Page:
Igitur non dormiamus sicut ceteri.

When I Agree With Krugman, You Know It’s Weird

Paul Krugman is undoubtedly an intelligent and perceptive man, but I always have a hard time agreeing with him. Part of that is that he’s a DNC supporter who has trouble blaming his own party for ills, but actually will when facts get too hard to face. Also, Dr. Krugman tends to write almost as if his Fiat grants him the right to make claims without backing things up and when something doesn’t work he can fall back into the Keynesian excuse, “We just didn’t spend enough money!” However, in this short column I find Krugman makes some great points and some fair challenges. I still don’t agree with everything he’s writing in this column, but it is worth a read.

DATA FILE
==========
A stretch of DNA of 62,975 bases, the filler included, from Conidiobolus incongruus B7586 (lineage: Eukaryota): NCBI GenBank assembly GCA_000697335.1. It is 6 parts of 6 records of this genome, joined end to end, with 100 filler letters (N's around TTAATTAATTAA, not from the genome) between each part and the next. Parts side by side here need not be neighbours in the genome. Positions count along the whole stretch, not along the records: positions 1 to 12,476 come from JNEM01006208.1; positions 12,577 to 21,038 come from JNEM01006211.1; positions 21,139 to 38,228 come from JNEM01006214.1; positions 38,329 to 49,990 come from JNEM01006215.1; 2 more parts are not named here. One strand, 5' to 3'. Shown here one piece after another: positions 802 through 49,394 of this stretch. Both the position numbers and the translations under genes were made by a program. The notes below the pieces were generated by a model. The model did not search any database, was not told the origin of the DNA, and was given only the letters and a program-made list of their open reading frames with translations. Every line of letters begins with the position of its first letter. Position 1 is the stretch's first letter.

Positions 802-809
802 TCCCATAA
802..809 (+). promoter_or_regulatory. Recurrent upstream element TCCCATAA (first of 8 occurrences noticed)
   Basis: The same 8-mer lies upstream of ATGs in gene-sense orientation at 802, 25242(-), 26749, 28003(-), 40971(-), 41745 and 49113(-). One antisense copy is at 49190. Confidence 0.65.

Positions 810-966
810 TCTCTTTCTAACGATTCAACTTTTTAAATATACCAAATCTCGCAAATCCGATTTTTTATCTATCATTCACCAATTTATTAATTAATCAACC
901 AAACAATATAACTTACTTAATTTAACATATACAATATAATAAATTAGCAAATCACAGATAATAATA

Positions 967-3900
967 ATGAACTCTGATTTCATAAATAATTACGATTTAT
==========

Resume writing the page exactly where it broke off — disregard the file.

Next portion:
If you were shocked by Friday’s job report, if you thought we were doing well and were taken aback by the bad news, you haven’t been paying attention. The fact is, the United States economy has been stuck in a rut for a year and a half

Yet a destructive passivity has overtaken our discourse. Turn on your TV and you’ll see some self-satisfied pundit declaring that nothing much can be done about the economy’s short-run problems (reminder: this “short run” is now in its fourth year), that we should focus on the long run instead.

Read the rest at the New York Times.


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